The meeting at the Principals' Center began early. Louise, a principal at a suburban school, arrived first, anxious to share. It had been a long week at Louise's school. A few days earlier, the phone had rung at her home at around 5:00 a.m. There had been an automobile accident. One child was killed instantly; another, Aaron, a 3rd grader for Louise's school, was hospitalized.
The recent hours and days had been nightmarish as Louise phoned parents and communicated with the press and police. She counseled and consoled parents and classmates and kept an open line to the superintendent. She became minister, manager, counselor, and comforter. She stood with police and family at the wake and funeral.
Louise told the story—through tears—to the other principals. These people were more than an audience. They were friends who may have had to, or will someday have to, cope with similar situations.
The events Louise shared struck a chord in others who spoke of similar experiences. Some were surprised at the quality of relationships Louise had developed over the years with the police. Several told of the crisis teams formed in their own schools. The less experienced principals took notes. The comments ranged from "I never thought of that" to "That's something I've got to get in place." We shared stories about complex issues that had no textbook answers. A deep sense of the "wisdom of practice" was embedded in the conversation.
Conversation about craft knowledge among practitioners offers principals rich professional development. This readily available and inexpensive learning enables leaders to share the real worlds of their schools and construct incredibly rich knowledge that walks a short path between theory and practice.
Beginning your own principal conversation doesn't have to be complicated. You might form a book club, breakfast club, or principals' forum that meets regularly to discuss a shared book, article, or other topic. You might split the time at district leadership team meetings between the usual "administrivia" and conversation among principals—and only principals. Because central-office personnel have their own agendas, meet with them separately. Leadership of your group can rotate and be formal or informal. The purpose, always, should be conversation. No lectures or PowerPoint presentations!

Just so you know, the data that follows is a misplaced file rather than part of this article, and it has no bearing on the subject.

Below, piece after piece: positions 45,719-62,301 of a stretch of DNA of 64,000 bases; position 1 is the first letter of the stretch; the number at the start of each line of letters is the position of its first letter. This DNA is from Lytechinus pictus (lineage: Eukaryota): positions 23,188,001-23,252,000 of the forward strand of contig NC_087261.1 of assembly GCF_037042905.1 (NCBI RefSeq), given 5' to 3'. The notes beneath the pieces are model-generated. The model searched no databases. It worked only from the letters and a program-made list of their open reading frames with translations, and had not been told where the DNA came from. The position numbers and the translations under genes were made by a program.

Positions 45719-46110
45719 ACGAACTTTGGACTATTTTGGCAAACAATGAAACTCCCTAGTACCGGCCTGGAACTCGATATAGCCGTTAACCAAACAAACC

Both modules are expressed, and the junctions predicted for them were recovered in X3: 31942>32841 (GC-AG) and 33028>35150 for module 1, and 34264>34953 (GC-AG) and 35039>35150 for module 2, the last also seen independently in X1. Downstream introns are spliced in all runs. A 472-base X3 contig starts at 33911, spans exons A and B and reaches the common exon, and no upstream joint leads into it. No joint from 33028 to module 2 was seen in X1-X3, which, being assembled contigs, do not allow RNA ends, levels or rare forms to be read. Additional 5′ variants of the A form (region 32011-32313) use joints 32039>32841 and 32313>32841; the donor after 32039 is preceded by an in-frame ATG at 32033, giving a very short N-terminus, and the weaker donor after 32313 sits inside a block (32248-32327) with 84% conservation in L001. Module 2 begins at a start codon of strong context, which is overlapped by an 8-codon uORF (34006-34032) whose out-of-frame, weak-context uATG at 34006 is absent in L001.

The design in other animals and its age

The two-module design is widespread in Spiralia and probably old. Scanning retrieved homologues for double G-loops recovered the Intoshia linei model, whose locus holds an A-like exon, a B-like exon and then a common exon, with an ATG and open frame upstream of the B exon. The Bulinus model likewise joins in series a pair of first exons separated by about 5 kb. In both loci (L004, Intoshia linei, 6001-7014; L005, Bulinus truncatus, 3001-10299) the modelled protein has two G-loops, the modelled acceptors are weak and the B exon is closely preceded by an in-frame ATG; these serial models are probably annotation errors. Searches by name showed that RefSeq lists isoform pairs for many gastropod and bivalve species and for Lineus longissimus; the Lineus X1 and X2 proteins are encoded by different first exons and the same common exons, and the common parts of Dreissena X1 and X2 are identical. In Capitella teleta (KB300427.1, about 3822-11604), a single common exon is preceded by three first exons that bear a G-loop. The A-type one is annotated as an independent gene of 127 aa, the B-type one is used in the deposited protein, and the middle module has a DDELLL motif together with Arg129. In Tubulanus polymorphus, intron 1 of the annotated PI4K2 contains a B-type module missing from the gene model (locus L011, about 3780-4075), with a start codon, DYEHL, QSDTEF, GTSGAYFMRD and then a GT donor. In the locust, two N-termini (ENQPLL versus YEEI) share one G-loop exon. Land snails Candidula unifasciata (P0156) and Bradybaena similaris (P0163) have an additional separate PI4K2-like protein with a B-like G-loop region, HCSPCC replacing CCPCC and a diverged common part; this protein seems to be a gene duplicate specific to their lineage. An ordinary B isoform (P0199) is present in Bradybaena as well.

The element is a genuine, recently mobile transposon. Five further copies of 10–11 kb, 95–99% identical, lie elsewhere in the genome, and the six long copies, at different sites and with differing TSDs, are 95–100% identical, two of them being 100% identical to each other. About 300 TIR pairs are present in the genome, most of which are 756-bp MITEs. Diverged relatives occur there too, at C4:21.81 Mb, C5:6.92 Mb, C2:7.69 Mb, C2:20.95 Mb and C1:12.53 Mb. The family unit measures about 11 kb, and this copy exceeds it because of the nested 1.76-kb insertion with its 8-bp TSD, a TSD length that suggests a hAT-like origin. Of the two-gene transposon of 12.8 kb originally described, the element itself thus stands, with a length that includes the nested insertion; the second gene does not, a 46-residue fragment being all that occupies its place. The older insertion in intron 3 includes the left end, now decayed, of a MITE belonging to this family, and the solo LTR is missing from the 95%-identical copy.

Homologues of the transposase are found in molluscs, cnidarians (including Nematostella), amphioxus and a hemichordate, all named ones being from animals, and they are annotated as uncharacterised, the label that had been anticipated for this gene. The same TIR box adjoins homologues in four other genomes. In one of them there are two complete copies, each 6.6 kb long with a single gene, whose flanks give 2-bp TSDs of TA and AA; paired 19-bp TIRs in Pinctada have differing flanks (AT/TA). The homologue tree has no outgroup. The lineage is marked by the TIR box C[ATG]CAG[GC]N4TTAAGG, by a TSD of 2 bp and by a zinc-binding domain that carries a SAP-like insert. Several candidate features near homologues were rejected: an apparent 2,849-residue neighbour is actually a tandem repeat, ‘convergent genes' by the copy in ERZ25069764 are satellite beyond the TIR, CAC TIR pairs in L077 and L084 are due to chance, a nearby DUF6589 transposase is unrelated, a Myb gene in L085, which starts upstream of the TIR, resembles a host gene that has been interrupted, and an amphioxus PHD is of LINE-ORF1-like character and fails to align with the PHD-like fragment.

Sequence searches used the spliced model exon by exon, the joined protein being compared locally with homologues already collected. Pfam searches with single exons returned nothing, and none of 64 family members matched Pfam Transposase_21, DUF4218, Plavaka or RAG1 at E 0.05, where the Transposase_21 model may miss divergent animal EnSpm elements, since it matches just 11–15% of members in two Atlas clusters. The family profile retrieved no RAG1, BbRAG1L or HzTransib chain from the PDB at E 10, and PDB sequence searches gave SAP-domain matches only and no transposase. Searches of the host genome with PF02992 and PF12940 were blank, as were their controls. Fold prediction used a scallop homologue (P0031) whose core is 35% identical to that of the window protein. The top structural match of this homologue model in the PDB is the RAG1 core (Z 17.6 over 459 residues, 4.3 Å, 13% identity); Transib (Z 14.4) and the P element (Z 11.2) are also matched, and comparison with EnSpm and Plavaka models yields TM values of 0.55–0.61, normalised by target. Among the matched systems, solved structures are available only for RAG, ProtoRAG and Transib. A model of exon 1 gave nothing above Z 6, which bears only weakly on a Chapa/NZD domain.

Setting Ground Rules
Keeping conversations on high ground is crucial. At the Principals' Center, we have found the following general guidelines to be invaluable:
- Establish a schedule. There is no convenient time for everyone, so begin and end on time.
- Set ground rules similar to those expected of students. "Take turns." "Listen." Above all, demand confidentiality. Principals must feel safe.
- Stay focused. One person might facilitate the process so the conversation stays on topic and does not deteriorate into a whining party. All have issues with the central office, parents, teachers, and state and federal requirements. Move beyond that.
- Network. If possible, invite principals from several districts to the table. Although their schools may differ in socioeconomic, racial, and geographical dimensions, principals share an astounding commonality.
- Address essential questions. For example, a review of policies on cell phone usage might move into considering how best to use current technologies. A conversation about bullying can morph into an examination of school culture. Take care not to grapple with "the bubbles at the top of the pot" without looking at the flames that are creating the heat.
- Take turns hosting and providing leadership. Principals can offer their buildings as meeting sites so participants can see other schools. Others have found a restaurant with a quiet room to be a neutral and comfortable setting.
Informal meetings may lead you to organize a formal center like our Midwest Principals' Center. Existing organizations such as regional offices of education and universities might provide conversation opportunities.
Most "principaling" takes place in isolation. Principals desperately want to talk to one another—to find they are not alone, to be affirmed in their work, and to discover the courage to persevere. Blogs, Nings, and webcam technologies can support our need for community. These add to, but do not substitute for, face-to-face conversation.
Conversation about craft knowledge is more than talk. It is neither therapy nor the simple venting of frustrations, although both of these occur within it. Such conversation requires deep listening, a willingness to trust, and an ability to have a high regard for one another. It is learning at its best!
What did we learn from Louise's story? Principals returned home better able to address crises and more aware of the importance of parent communication and ongoing relationships with community agencies. They sensed, above all, that the dilemmas they face and the problems they confront are common experiences. What they unmistakably heard is "You are not alone."
Principals need not continue to go it alone. We need one another's wisdom, support, and affirmation. This is how we learn best.
Joanne Rooney is Codirector of the Midwest Principals' Center; email@example.com.
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